Now retail banking is only one business, but what is going on there (overinvestment in infrastructure to try to snag customers) strikes me as symptomatic of an underlying hunger for growth that simply was not there to be had, and those bad investments/expansion programs are now coming home to roost.

      1. JohnnyGL


        How much of this on-the-ground presence is driven by regulators? I feel like one of the areas that they’ve made a push on is for banks to be less reliant on skittish money markets to fund their book of business. If you’re going to build up a base of stable retail/corporate customers so you can sit on their cash, you’re going to have to maintain a visible presence in the area.

        Keep in mind that $1 NAV is going away this fall, unless you are in all US govt securities.

        Is this a factor?

      2. Clive

        Yes, whatever geography a bank operates in, the business model has high operational gearing. The products in Retail or SME market segments are subject to constant maintenance needs by purchasers — changes of address, setting up new payments, cancelling old ones, clearing checks, renewing account goods like debit or credit cards on expiry, credit deaccessioning as accounts operate outside their facility, fraud and loss controls, wire services, cash handling, statements, telephony and online channels — the list goes on and on.

        You simply can’t cease to respond to these servicing needs just because a bank might feel like it. And you have no idea how much a customer is going to cost you. Some customers don’t present any servicing needs for years at a time. Conversely, some are constantly generating account maintenance costs. My TBTF did a long study to try to discover how profitable this- or that- product was, on average. It — amazingly — failed to be able to work that out. It just could not work out its Cost of Goods Sold. As it couldn’t be sure what its costs were, it had no means of working out its profits. All it could aim to do was, from year to year, try to make as much in junk fees as it could get away with from those customers who were too naïve or indolent to change their behaviours.

        Corporate and money centre areas are different, they too have high cost bases but they can charge significant fees for the expected-for white glove boutique services. And, by and large, the service provided is at least competent, if prone to fleecing of the unwary.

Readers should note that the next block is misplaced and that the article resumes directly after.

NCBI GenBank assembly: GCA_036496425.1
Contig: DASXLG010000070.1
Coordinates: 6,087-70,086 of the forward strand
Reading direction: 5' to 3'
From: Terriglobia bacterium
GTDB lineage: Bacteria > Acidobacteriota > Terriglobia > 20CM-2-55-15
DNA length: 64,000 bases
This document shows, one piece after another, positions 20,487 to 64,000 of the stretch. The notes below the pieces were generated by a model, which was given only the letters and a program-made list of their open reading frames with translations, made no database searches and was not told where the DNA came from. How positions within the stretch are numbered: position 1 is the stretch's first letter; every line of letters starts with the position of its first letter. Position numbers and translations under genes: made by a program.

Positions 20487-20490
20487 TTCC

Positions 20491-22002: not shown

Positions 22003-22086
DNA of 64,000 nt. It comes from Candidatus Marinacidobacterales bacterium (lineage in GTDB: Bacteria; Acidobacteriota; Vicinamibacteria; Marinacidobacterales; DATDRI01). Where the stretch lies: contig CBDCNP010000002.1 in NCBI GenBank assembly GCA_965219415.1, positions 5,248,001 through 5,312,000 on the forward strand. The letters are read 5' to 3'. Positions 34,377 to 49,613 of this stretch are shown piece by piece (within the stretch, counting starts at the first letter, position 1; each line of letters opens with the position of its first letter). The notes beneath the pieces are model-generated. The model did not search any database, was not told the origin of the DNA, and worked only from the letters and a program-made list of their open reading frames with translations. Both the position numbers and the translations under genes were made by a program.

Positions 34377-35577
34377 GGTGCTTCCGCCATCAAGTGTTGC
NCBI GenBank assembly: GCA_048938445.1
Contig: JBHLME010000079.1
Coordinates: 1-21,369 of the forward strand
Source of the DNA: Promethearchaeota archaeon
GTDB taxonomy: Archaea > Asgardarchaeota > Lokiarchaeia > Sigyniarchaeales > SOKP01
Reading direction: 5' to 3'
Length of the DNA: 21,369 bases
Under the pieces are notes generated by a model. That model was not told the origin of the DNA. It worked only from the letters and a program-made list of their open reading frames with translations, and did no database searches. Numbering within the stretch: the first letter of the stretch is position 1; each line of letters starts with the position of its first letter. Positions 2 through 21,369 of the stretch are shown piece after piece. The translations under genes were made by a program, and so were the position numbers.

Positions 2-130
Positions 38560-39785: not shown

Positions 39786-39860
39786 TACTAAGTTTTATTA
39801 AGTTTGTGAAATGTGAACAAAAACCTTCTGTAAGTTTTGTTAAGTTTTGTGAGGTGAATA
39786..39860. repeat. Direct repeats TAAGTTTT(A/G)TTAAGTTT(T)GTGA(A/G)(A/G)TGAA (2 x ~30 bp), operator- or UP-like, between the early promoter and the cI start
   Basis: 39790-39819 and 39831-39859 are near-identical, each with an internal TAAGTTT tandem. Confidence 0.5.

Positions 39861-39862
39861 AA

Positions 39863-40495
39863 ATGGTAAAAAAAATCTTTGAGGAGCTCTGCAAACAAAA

The only ray of hope might be that the banks are pretty much a cartel and do have some pricing power. But as you found, quality of service is, at best, variable and, at worse, non-existent. So if prices for products and/or service are raised, customer expectations rise with them but degraded capability in the banks’ service offer means that complaints skyrocket if you try to push fees for commodity transactions beyond the low (-ish) levels.

        I still can’t quite believe an entire industry has been wrecked in less than a generation. But I suppose its happened to others, so there’s no particular reason why not Retail and SME finance.

        1. OpenThePodBayDoorsHAL

          The wrecking would happen to any industry if its participants were continuously coddled, bailed out, propped up, and supported despite whatever horrendous management, product, and customer service policies they pursued. Banks yell about “free market capitalism” but are about as far from that ideal as any industry ever was. We’re told they are the backbone of the economy and must never be allowed to fail, so we tolerate them capturing the regulators and breaking the law with complete and utter impunity.
          If we’re going to have communism let’s at least get the kind that divides the spoils somewhat evenly, not the kind that pays the Komissars enough to buy their own private islands.

          1. Skippy

            Keep seeking Mister Good Bar or aka free market… point deductions for being a rube…. or victim in waiting…

      3. dk

        overinvestment in infrastructure to try to snag customers

        This also goes to the pattern observed in Apple software quality decline in today’s links: